If the past month has taught me anything it’s that making political predictions is a mug’s game. Most of the political commentariat seemed as far off as me in their expectation of a parliamentary majority. Likewise, it’s hard to guess what exactly will be in the Queen’s speech, but here is what Green Alliance thinks it should contain.
It is becoming ever clearer that this new parliament will be one of the most important in a generation for the environment. Domestically, leaving the EU provides opportunities to recreate our food and farming system (free of the Common Agricultural Policy) and to go further with environmental legislation, but it also raises the issue of maintaining our current environmental protections. Meanwhile, as the UK starts to establish itself anew on the global stage and lay the groundwork for future trade deals, the next five years sees a number of important milestones for international environmental conventions. One of the most significant of all, the Paris Agreement, just had one of the world’s biggest emitters of carbon pull out.
So tomorrow, once Black Rod has banged on the Commons door, MPs and peers have gathered in the House of Lords, and Her Majesty has opened up the goatskin parchment, it is vital that the speech which sets the parliamentary agenda for the next two years includes a bill for a continued high level of environmental protection so that the UK can be a world leader on some of the challenges that will define the twenty first century.
The biggest piece of legislation for the environment
Someone with the nerve to make predictions in the current climate might assume that the Repeal Bill will be the biggest piece of legislation in tomorrow’s speech. We will be watching closely, as this will be the first big test of the new government’s resolve to leave the environment in a better state than it found it.
Announcements from the government that it intends to transfer all existing EU environmental protections across to the UK have been very welcome. But clarity is still needed in some areas. To keep all the benefits we currently get from EU protections, all EU laws and principles will have to be transferred across into domestic law. So far, there has been no indication whether the bill will include the transfer of principles, such as the precautionary principle and the polluter pays principle, which have been fundamental in effective implementation of current laws.
We also need to see laws transferred into primary legislation. There is an understanding that, with the amount of legislation to be transposed, secondary legislation (or statutory instruments) will have to be used. These instruments give ministers the power to scrap or amend laws without full parliamentary scrutiny. The Repeal Bill must assure the public and parliament that these powers will only be used to transpose the laws faithfully and not be used in the future to amend them in a way to weaken environmental protection.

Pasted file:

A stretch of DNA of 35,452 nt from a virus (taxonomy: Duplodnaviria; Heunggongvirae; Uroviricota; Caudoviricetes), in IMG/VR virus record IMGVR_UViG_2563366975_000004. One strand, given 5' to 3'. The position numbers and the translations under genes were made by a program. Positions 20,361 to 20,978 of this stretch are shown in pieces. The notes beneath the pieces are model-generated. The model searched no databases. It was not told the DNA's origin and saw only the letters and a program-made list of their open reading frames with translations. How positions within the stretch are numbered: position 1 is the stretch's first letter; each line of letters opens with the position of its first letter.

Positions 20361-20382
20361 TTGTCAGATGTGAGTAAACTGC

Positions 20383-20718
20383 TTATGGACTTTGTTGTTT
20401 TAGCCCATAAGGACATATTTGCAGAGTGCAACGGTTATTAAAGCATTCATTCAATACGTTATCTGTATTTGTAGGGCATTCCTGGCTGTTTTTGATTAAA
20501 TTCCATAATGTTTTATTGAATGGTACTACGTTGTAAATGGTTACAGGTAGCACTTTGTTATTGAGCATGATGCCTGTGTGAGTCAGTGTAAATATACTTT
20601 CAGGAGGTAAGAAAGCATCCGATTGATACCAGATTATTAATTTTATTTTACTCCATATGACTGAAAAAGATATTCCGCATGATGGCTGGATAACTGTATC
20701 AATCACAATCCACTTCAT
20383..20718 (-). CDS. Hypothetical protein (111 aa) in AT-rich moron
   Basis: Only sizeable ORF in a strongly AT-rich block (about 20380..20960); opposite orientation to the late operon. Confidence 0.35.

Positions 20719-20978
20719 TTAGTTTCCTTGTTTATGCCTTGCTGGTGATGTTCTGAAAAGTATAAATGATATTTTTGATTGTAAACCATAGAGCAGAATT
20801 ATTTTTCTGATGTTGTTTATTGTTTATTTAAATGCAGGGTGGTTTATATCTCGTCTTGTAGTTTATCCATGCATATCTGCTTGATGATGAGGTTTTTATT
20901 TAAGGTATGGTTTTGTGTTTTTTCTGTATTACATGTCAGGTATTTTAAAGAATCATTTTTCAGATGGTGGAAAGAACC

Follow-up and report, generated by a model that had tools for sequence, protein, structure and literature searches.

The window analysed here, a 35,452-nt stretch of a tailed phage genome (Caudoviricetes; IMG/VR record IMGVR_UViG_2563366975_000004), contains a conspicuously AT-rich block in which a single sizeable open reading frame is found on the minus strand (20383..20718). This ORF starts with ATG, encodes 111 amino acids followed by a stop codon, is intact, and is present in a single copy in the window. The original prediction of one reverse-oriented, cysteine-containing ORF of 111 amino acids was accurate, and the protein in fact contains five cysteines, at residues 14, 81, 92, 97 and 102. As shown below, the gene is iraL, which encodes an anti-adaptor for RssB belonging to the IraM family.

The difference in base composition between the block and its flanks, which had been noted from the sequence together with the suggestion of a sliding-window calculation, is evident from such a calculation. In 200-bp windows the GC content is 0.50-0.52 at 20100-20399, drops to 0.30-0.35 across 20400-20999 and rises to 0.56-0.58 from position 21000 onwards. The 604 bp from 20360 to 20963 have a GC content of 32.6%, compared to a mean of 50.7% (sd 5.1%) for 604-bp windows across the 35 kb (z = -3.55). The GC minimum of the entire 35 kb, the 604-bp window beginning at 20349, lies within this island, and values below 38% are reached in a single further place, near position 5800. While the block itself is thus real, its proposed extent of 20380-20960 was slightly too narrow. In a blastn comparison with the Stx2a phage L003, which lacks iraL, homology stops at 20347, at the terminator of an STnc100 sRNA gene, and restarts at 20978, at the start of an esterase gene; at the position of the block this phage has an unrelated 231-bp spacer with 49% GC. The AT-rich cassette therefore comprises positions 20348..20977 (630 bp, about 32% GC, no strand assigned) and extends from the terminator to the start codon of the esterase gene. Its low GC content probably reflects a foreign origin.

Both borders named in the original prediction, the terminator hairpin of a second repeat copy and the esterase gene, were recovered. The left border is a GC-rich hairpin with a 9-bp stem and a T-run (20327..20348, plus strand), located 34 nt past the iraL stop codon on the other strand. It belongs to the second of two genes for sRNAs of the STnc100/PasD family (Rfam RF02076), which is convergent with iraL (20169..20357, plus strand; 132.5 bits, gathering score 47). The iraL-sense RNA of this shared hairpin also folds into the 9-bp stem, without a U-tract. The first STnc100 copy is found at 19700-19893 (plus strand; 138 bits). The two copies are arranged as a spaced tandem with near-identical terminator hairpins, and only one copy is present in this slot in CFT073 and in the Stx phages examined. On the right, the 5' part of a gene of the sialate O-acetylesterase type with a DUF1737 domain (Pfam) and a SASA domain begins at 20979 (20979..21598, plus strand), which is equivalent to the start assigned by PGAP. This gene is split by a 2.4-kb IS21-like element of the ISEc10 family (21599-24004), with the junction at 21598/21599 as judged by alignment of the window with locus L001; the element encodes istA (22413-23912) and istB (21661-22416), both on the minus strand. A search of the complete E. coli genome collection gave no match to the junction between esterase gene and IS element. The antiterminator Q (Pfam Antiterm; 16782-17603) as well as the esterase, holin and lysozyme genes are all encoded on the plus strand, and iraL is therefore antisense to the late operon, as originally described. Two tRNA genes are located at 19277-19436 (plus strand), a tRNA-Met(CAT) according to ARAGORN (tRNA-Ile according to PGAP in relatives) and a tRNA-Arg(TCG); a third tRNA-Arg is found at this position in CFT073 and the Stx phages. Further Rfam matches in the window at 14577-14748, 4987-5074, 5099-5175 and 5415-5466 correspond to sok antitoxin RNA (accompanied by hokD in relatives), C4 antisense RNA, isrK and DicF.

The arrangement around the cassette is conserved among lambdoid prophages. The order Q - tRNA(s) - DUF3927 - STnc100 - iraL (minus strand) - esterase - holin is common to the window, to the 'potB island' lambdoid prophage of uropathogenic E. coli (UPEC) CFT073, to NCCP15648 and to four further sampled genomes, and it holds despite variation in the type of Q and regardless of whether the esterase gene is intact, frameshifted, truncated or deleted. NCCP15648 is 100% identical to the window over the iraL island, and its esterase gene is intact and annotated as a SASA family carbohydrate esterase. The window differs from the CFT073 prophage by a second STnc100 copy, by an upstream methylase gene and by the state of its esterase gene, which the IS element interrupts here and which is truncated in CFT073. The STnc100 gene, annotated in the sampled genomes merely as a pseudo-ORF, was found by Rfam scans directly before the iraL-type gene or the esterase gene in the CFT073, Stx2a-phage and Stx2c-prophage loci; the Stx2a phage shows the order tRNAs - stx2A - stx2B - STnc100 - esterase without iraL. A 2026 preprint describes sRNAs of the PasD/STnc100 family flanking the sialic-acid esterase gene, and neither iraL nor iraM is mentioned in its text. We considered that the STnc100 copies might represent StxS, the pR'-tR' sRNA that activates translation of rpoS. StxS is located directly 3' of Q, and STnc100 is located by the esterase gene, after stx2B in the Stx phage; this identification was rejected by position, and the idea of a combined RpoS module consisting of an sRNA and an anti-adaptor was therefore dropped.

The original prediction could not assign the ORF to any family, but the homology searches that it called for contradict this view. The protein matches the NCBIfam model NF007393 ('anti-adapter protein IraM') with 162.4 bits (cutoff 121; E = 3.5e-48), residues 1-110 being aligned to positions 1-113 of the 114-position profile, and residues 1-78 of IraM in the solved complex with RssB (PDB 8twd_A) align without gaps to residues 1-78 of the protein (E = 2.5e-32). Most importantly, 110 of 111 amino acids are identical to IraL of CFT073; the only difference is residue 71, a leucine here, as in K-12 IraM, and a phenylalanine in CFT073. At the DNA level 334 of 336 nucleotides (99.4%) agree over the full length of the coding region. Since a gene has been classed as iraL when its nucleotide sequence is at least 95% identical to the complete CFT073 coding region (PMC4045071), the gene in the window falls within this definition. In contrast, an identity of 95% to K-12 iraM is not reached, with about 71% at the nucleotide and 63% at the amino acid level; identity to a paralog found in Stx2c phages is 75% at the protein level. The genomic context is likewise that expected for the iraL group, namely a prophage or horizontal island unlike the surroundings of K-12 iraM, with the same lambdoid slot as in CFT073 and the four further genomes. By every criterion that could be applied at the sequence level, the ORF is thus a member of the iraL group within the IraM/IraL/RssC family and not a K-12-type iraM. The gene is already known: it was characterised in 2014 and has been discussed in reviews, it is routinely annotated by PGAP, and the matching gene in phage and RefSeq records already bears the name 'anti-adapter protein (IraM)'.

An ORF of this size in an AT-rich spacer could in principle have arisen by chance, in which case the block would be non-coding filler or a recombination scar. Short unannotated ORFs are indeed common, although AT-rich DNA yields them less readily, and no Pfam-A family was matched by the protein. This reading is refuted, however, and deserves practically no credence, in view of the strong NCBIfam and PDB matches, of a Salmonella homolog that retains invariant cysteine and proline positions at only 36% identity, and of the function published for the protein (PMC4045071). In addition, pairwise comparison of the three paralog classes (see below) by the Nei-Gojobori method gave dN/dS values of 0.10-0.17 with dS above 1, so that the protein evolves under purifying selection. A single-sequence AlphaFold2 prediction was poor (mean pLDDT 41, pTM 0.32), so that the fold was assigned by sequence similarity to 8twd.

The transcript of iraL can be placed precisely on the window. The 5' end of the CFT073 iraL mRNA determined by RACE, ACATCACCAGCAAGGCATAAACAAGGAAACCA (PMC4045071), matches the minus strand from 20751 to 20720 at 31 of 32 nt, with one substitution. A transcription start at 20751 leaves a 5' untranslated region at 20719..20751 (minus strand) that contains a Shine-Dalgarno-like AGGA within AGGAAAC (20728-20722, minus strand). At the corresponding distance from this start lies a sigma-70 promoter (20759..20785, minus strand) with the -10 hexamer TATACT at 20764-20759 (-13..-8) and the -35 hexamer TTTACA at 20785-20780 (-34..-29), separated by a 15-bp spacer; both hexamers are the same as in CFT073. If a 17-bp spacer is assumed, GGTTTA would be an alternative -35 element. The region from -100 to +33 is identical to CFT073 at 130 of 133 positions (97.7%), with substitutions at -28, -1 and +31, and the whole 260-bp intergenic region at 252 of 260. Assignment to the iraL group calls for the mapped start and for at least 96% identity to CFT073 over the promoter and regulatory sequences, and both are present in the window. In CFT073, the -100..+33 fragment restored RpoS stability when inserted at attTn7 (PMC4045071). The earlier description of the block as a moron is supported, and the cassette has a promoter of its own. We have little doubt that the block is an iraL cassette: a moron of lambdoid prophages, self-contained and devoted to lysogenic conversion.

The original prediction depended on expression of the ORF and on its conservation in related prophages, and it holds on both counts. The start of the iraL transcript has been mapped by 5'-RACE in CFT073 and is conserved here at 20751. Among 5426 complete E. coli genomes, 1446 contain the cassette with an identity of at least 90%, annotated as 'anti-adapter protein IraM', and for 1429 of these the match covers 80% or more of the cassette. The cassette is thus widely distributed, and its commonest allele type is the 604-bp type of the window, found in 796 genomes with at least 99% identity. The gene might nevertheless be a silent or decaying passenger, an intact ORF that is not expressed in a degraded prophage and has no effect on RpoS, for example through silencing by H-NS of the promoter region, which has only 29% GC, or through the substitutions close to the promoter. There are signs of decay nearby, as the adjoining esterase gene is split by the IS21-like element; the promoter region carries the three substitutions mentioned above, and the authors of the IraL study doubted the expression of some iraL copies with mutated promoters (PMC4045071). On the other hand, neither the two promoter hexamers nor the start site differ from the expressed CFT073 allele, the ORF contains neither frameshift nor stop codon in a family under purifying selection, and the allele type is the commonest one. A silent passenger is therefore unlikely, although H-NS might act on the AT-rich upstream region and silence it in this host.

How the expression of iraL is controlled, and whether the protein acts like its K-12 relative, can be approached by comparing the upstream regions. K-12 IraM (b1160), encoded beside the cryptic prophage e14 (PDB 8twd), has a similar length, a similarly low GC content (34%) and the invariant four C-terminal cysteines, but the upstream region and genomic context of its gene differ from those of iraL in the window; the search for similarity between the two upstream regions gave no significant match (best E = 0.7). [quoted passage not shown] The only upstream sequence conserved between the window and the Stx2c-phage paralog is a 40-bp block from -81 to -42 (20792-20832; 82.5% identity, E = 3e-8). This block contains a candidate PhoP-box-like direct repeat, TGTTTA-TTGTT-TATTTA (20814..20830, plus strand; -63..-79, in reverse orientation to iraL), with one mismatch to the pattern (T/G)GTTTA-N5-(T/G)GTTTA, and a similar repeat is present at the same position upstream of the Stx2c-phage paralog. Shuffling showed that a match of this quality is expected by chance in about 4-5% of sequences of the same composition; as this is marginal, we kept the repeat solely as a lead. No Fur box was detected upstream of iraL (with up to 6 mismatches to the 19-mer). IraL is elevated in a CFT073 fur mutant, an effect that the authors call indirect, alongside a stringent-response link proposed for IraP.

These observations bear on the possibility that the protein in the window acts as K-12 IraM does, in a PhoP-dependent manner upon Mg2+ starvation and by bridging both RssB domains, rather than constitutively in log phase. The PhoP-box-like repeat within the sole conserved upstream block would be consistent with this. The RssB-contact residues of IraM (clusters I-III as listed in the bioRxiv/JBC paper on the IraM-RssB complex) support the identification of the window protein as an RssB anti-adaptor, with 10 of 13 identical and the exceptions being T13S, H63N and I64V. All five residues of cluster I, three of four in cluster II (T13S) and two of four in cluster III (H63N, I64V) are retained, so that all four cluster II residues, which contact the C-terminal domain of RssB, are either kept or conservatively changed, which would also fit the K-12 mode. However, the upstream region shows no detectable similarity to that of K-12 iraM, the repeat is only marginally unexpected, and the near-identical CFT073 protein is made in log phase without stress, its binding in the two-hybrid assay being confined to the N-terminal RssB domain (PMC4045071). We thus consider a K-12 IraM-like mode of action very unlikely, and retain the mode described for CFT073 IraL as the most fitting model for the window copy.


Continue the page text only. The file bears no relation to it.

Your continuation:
Clarification is also needed around how laws will be implemented once we leave the EU. Currently, monitoring, oversight and enforcement functions of these laws are provided by EU institutions. The bill should make it clear how these functions will be replaced and who will carry them out. (For more detail on what the Repeal Bill should include to look after and enhance our environment, see Greener UK’s briefing.)
Sustainable farming and high food standards
The government promised in its manifesto to keep the amount of subsidies paid to farmers the same for the next five years before creating a new regime in the next parliament. If legislation to implement this is included in the speech tomorrow, it must ensure a clear public benefit in return for taxpayers’ money. Leaving the EU allows the UK to create world-leading sustainable farming and land use policies that deliver real value and provide clean water, climate change mitigation, beautiful landscapes and abundant nature. Any new legislation that starts to lay out the groundwork for the UK’s future international trade must protect our farmers from the threat of lower food standards. This also goes for businesses which need stability around product standards.
Setting the vision for the future
My one uncontroversial prediction is that the unexpected general election result will mean that tomorrow’s speech will be nowhere near as full or as ambitious as the prime minister would have planned it to be when she called the election in April.
We stand at a crossroads. The bills passed over the next two years will start the legislative underpinning for the vision of what the UK will look like in ten, twenty, fifty years’ time. Will we have the capacity to be a global centre for innovation? A world leader on climate change, setting the global standard on environmental protections? We will see in tomorrow’s Queen’s Speech, which will start us on the journey.
[Image: Queen’s Speech, courtesy of UK Parliament from Flickr Creative Commons]